In case the Minister of Justice requests, for compelling reasons, that an applicant from a jurisdiction whose legal system does not utilize common law principles (in the event that such jurisdiction becomes open) demonstrate his learning and experience concerning the laws of other U.S. jurisdictions, the Minister of Justice will give due consideration to the reality of the position of such jurisdiction in the legal system of the United States.
Attachment Two to the
GOJ Letter to the USG dated
February 27, 1987
The following are the views of the Government of Japan regarding the handling of the experience of a lawyer of an open state as mentioned in paragraph 3 (3) of Attachment 1.
Item 1, Paragraph 1 of Article 10 of Special Measures Law Concerning the Handling of Legal Business by Foreign Lawyers provides as a qualification requirement that "the applicant is qualified to become a foreign lawyer and has the experience of having engaged in practice as a foreign lawyer in the foreign country where he acquired such qualification for five years or more after acquiring it." In evaluating the fulfillment of this qualification requirement, we can by no means go beyond what the Law stipulates, but intend to apply the provisions of the Law as flexibly as possible within its framework, giving due consideration to the reality of legal practice in the United States.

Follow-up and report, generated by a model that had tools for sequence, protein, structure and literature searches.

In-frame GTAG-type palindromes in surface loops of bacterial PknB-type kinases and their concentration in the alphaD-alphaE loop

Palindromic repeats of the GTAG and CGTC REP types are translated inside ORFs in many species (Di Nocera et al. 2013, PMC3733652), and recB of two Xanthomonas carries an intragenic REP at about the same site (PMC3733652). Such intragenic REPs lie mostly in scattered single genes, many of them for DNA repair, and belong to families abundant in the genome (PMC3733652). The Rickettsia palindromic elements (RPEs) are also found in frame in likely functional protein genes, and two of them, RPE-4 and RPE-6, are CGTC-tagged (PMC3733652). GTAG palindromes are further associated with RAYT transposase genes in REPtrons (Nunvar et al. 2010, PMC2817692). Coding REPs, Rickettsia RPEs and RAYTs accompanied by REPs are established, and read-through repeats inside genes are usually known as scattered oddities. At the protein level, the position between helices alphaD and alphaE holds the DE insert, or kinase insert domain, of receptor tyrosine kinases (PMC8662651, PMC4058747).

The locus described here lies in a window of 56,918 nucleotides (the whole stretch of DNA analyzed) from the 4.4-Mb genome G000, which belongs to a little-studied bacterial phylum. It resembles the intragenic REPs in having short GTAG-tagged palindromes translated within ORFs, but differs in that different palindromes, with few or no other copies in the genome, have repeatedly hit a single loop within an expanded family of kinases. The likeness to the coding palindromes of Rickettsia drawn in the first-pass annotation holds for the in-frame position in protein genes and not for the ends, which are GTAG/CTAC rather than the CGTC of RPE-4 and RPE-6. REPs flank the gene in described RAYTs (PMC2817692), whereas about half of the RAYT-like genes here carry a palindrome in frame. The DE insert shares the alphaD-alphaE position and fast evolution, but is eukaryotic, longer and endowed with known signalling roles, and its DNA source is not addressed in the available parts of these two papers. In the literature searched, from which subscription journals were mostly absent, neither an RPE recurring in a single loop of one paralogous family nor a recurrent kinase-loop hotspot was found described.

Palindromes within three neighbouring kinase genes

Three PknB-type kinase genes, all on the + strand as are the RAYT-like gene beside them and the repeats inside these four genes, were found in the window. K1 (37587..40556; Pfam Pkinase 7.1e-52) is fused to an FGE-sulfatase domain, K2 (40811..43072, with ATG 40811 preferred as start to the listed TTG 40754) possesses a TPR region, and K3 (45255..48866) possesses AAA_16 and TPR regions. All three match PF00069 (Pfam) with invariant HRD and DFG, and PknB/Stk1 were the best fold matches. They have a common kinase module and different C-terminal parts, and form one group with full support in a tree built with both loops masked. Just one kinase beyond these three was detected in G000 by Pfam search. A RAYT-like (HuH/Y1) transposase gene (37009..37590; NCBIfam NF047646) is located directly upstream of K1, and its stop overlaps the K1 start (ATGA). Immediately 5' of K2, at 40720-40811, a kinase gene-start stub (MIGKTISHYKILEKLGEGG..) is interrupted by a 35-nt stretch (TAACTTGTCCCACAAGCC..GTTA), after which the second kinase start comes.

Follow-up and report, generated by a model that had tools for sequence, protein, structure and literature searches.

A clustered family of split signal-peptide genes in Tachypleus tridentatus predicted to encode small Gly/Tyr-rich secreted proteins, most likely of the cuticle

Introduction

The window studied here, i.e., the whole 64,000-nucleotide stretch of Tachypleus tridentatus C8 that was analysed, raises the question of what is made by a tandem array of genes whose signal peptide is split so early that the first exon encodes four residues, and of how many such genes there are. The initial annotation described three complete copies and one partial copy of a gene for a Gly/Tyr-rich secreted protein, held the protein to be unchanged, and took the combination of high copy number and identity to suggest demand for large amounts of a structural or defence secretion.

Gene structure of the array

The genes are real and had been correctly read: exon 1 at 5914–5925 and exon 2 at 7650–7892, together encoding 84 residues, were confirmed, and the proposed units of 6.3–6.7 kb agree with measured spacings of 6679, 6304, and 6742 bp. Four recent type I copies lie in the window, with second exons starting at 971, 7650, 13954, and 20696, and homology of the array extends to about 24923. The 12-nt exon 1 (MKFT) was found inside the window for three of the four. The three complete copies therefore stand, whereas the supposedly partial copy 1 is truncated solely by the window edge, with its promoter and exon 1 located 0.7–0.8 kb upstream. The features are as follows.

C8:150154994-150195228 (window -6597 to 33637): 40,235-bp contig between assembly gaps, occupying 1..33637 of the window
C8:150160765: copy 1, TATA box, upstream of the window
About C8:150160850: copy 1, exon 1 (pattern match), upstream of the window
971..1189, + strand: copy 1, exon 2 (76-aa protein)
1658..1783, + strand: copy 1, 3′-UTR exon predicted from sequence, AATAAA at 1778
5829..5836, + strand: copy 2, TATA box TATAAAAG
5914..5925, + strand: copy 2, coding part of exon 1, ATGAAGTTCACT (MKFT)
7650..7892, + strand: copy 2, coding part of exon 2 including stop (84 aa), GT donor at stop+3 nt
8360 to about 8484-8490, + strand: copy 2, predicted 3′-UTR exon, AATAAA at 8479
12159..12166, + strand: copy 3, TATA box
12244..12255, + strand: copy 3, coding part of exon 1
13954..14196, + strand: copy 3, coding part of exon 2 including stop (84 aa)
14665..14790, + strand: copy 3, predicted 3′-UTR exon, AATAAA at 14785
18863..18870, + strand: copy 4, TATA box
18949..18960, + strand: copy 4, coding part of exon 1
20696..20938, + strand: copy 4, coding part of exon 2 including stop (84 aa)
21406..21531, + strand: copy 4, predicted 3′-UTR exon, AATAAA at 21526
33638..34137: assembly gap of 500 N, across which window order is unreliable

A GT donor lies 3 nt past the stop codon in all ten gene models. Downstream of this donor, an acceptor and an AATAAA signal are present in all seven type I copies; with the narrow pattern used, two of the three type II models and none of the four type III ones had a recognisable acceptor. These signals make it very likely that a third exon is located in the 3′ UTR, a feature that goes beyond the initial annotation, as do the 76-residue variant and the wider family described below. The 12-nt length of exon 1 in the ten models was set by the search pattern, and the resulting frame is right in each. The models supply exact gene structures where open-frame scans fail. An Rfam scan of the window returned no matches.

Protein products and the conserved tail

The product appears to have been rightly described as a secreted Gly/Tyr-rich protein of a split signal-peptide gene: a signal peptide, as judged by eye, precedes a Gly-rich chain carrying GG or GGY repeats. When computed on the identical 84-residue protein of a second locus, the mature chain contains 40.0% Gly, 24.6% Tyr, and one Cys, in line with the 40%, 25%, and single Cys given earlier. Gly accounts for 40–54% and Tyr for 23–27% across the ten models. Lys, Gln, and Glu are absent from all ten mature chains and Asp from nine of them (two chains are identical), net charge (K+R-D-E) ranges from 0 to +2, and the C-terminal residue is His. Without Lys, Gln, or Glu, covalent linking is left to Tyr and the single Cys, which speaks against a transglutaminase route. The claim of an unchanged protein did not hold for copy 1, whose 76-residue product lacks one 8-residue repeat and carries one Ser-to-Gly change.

From this standpoint, we are of the position, as mentioned in the above
Attachment, that as long as the reality exists that experience of a lawyer of an open state (a lawyer whose home jurisdiction has adopted rules licensing foreign attorneys) outside open states or the United States can be deemed to be experience in his home jurisdiction, the experience will be counted toward the five-year experience requirement. It is not conceivable to make evaluation on all possible cases and judgement has to be made on a case-by-case basis in applying the said principle. The following, however, can be pointed out as illustrative cases: